In his 2017 budget speech delivered in February of that year, Finance and Economic Development, Kenneth Matambo admitted that Botswana’s relatively narrow revenue base, largely confined to mineral and Customs and Excise, provides a challenge about the extent to which the country can expand the scope of its economic diversification and export-led growth.
As he takes over the podium in tomorrow’s budget, key question that tax payers asks themselves is whether Matambo will make pronouncement relating to tax administration.
“With mineral revenues declining and those from SACU being volatile, there is therefore an urgent need to diversify our revenue base towards more sustainable and reliable sources. To this end, my Ministry is considering proposals by the Taxation Review Committee of how to diversify the Government revenue base. These proposals include; adjusting various taxes, levies, permits and licences and reviewing some tax expenditures such as VAT exemptions”, Matambo said in February 2017.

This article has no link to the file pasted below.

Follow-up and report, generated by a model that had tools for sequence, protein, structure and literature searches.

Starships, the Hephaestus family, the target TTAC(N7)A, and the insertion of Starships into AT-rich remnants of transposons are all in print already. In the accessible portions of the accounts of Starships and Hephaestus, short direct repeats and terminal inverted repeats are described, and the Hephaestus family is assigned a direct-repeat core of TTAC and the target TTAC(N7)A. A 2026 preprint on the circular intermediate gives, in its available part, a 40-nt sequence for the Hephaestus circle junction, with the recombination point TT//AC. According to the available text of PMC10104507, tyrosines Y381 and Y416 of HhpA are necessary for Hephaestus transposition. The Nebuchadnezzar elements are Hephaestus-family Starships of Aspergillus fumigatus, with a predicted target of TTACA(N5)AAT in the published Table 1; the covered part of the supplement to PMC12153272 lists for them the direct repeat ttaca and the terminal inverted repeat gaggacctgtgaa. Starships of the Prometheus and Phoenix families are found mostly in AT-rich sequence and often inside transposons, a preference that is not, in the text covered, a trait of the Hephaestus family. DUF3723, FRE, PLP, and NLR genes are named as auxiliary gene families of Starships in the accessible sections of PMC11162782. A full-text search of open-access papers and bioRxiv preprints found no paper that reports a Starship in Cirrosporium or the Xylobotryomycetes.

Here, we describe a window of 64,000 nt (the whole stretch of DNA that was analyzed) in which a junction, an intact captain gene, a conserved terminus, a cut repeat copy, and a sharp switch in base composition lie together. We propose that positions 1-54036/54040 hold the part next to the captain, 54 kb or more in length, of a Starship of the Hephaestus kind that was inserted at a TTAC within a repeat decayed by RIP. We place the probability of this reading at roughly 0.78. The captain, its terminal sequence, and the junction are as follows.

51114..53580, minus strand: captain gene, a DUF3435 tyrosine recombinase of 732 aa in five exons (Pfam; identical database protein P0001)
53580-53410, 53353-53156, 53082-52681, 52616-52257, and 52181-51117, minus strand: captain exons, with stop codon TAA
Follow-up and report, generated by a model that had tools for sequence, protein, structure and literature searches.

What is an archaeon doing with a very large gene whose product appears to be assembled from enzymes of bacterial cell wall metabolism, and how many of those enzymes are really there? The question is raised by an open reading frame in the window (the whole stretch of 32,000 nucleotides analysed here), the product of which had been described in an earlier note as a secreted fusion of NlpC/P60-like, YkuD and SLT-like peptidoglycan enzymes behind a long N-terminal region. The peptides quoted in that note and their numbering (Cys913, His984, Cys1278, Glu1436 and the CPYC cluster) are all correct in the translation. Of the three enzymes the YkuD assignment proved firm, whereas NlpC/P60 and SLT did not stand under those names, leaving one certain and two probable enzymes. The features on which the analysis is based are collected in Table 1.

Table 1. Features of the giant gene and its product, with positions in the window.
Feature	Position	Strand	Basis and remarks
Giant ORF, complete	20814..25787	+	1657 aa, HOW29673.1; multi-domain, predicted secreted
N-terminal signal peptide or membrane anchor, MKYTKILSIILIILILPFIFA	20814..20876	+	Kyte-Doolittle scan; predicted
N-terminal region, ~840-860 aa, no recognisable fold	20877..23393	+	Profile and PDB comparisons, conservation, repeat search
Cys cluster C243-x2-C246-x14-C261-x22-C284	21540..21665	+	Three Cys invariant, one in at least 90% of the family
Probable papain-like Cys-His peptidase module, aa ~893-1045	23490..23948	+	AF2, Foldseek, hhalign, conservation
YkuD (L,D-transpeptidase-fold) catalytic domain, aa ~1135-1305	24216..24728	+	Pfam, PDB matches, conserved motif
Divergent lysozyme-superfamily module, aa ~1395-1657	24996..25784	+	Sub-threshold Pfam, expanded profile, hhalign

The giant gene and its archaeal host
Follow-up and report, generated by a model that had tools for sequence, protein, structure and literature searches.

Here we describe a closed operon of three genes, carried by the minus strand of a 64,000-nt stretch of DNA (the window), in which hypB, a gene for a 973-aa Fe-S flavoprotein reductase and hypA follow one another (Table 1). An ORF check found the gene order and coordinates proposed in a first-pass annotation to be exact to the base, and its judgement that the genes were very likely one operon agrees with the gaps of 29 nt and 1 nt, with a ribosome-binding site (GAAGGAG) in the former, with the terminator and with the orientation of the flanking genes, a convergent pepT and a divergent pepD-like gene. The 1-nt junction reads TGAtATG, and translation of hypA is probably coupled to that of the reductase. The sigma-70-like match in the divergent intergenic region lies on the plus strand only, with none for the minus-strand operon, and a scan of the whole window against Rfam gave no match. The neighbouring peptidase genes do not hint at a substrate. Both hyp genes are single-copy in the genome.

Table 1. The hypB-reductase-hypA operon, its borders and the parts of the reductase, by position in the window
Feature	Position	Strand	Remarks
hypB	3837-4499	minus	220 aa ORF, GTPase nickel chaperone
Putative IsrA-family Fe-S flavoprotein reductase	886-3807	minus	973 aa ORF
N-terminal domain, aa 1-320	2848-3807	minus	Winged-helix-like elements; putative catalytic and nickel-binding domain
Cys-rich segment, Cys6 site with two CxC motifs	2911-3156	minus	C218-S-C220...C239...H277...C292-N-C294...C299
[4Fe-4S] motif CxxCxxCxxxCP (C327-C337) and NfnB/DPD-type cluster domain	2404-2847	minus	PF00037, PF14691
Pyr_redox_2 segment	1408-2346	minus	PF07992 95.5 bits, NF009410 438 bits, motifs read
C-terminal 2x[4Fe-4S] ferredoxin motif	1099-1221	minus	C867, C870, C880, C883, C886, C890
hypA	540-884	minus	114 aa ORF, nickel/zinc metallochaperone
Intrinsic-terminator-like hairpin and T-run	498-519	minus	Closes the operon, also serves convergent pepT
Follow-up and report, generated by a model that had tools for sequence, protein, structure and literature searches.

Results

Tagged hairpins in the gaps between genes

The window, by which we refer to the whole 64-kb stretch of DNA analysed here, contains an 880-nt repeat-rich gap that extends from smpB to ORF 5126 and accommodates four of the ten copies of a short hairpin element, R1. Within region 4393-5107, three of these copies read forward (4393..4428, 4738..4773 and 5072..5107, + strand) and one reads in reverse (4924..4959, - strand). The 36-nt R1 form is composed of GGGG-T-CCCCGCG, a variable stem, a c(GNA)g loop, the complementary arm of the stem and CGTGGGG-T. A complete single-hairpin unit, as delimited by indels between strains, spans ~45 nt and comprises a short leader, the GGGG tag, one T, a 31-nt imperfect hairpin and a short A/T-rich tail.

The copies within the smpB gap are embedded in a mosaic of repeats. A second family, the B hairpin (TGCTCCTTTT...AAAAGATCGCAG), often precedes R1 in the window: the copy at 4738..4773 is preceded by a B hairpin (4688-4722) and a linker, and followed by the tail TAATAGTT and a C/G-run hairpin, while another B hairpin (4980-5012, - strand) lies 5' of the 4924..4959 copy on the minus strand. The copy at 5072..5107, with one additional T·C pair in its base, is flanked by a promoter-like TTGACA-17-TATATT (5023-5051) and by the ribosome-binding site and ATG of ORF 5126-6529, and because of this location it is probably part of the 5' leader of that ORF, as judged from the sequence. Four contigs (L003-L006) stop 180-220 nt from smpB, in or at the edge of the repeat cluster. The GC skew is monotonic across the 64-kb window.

Already the International Monetary Fund (IMF) has called on him to accelerate the planned tax revenue reforms. Hardly three months after the 2017 budget speech, the IMF team which visited the capital Gaborone and met with Matambo amongst other policy makers at the government enclave said that Botswana’s tax revenue reforms need to be accelerated to protect public finances against any adverse developments and maintain the country’s track record of sound fiscal management.
The IMF says the fiscal profile is predicated on the authorities’ intention to increase tax revenues and slowdown the pace of spending on wages and salaries and on transfers to state-owned enterprises.
“In this connection, tax revenue reforms need to be accelerated to protect public finances against any adverse developments and maintain the country’s track record of sound fiscal management”, reads part of the statement released by the IMF this week.